Among the educational visits we made in Burkina Faso, I was especially touched by the Bisongo school. It’s a word in More, the most widely spoken local language in Burkina Faso. It’s actually a combination of two words, biga (child) and songo (wellbeing), so it means the ‘wellbeing of the child’. It’s a preschool structure for the 3-6-year-olds that plays a big part in paving the way for the children’s future educational success.
The children are supervised by what they call petites mamans. The community is very strong there because these supervisors are chosen by the community around the school.
The very name immediately suggests that the adults who set up this programme wanted to give these children all the love they had and prepare them for primary school as well as possible.
Bisongos are a bit like primary schools but the material is adapted to small children, so they learn while they play. The children are supervised by teaching mothers, called ‘little mums’ and by teachers, especially in the third year.
The children also have access to clean toilets and drinking water. You might feel that goes without saying, but it’s a real step forward, fantastic.
Another major positive thing about the Bisongos is that they give the mums the freedom to get a job or do something that makes money for the household, and to get involved in the Bisongo, especially when it comes to feeding the children. The mums run a canteen for the children.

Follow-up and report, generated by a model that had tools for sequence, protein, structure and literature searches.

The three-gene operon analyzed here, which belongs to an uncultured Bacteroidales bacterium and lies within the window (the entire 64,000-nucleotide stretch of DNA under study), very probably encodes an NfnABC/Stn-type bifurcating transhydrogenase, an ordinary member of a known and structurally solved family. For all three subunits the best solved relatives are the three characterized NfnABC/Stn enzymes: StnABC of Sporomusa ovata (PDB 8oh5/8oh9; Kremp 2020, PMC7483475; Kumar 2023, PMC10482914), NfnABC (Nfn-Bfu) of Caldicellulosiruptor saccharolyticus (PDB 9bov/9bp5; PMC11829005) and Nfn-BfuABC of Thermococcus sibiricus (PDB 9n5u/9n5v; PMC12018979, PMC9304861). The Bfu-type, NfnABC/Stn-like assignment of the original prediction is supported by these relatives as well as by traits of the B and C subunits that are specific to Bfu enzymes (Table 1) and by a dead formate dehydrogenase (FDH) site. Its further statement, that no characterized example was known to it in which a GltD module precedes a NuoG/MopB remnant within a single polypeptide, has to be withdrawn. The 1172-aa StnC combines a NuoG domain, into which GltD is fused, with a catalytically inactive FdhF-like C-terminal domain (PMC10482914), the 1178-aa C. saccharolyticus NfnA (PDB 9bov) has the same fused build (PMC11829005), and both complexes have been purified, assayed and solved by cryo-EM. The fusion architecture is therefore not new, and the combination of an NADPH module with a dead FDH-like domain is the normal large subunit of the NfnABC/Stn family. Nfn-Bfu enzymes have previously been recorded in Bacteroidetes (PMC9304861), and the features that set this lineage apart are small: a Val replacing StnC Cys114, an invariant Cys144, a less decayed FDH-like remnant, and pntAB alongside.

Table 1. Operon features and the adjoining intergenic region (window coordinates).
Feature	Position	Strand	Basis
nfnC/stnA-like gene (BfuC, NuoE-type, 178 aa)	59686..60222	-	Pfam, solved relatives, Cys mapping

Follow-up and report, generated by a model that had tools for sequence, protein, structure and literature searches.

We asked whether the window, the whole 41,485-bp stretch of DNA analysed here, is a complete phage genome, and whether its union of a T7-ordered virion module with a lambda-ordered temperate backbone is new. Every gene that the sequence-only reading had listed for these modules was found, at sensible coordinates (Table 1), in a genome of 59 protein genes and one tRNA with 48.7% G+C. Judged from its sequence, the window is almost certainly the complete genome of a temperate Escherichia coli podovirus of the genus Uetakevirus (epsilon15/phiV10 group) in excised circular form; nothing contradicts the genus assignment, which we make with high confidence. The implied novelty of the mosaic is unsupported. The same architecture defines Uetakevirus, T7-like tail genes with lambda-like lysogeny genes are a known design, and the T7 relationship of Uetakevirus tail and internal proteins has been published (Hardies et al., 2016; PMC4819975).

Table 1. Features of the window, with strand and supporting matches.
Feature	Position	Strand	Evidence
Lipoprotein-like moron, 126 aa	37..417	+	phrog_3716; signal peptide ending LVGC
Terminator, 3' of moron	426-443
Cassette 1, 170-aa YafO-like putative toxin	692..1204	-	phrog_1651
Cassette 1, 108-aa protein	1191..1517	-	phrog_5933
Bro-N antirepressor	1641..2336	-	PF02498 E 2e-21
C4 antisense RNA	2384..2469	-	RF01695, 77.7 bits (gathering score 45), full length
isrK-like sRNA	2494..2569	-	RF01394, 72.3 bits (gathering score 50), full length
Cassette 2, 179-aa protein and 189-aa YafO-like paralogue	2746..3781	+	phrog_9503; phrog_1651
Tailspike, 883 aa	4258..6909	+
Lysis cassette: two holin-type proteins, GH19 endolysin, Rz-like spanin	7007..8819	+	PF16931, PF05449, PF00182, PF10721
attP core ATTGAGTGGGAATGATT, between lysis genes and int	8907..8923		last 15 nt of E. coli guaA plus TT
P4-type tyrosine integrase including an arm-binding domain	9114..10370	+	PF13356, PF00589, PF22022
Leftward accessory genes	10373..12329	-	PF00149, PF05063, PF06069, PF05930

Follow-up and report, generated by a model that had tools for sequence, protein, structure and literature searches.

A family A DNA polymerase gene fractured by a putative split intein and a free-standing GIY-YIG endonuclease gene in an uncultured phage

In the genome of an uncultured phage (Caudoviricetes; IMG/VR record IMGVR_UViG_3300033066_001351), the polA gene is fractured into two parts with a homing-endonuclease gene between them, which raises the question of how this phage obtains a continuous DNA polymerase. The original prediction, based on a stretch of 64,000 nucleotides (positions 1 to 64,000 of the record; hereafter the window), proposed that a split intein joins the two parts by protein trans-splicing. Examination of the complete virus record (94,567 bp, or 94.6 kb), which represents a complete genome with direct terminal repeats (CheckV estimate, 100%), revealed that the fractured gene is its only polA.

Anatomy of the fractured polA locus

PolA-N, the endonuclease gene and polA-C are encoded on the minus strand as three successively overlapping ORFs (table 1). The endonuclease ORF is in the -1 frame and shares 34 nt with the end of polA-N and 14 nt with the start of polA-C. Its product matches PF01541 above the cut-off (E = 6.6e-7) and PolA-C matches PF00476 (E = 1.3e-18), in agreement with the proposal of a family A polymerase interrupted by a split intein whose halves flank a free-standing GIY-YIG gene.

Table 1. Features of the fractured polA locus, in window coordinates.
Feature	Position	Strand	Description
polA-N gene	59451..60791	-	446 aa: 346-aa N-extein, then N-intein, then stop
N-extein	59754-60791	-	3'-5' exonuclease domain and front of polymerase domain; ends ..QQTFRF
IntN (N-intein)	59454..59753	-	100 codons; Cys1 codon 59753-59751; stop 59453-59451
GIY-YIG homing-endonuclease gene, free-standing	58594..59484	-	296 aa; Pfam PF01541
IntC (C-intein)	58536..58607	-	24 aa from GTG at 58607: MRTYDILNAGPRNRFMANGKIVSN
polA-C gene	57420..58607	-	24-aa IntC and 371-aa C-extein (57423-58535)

It was pretty obvious that the programme supervisors were highly motivated and very competent. I felt they very much had the children’s interests at heart. They believe that it gives hope for a better world.
Another thing that really made a big impression on me was seeing the first year primary school children at the school next door. It was clear that the children who had come from the Bisongo were much more advanced, especially in writing and their command of French, than the other children. That’s good to see.
The children speak More, so I couldn’t really have a conversation with them. I did have the chance to play with them, though, and they were clearly happy. They were all smiling. They were happy to be there. It was heart-warming.
As the mum of a three-year-old girl who has just started nursery, the first year of school, I feel a bond with these parents. It’s very emotional to see their satisfaction, to see all this success, which suggests that great things are about to happen. We have to hope that this programme will develop beyond the two provinces where the bisongos have been piloted (Namentenga and Ganzourgou).
That’s really what I wanted to share with you. So, there you have it. The end of our wonderful trip to Burkina Faso.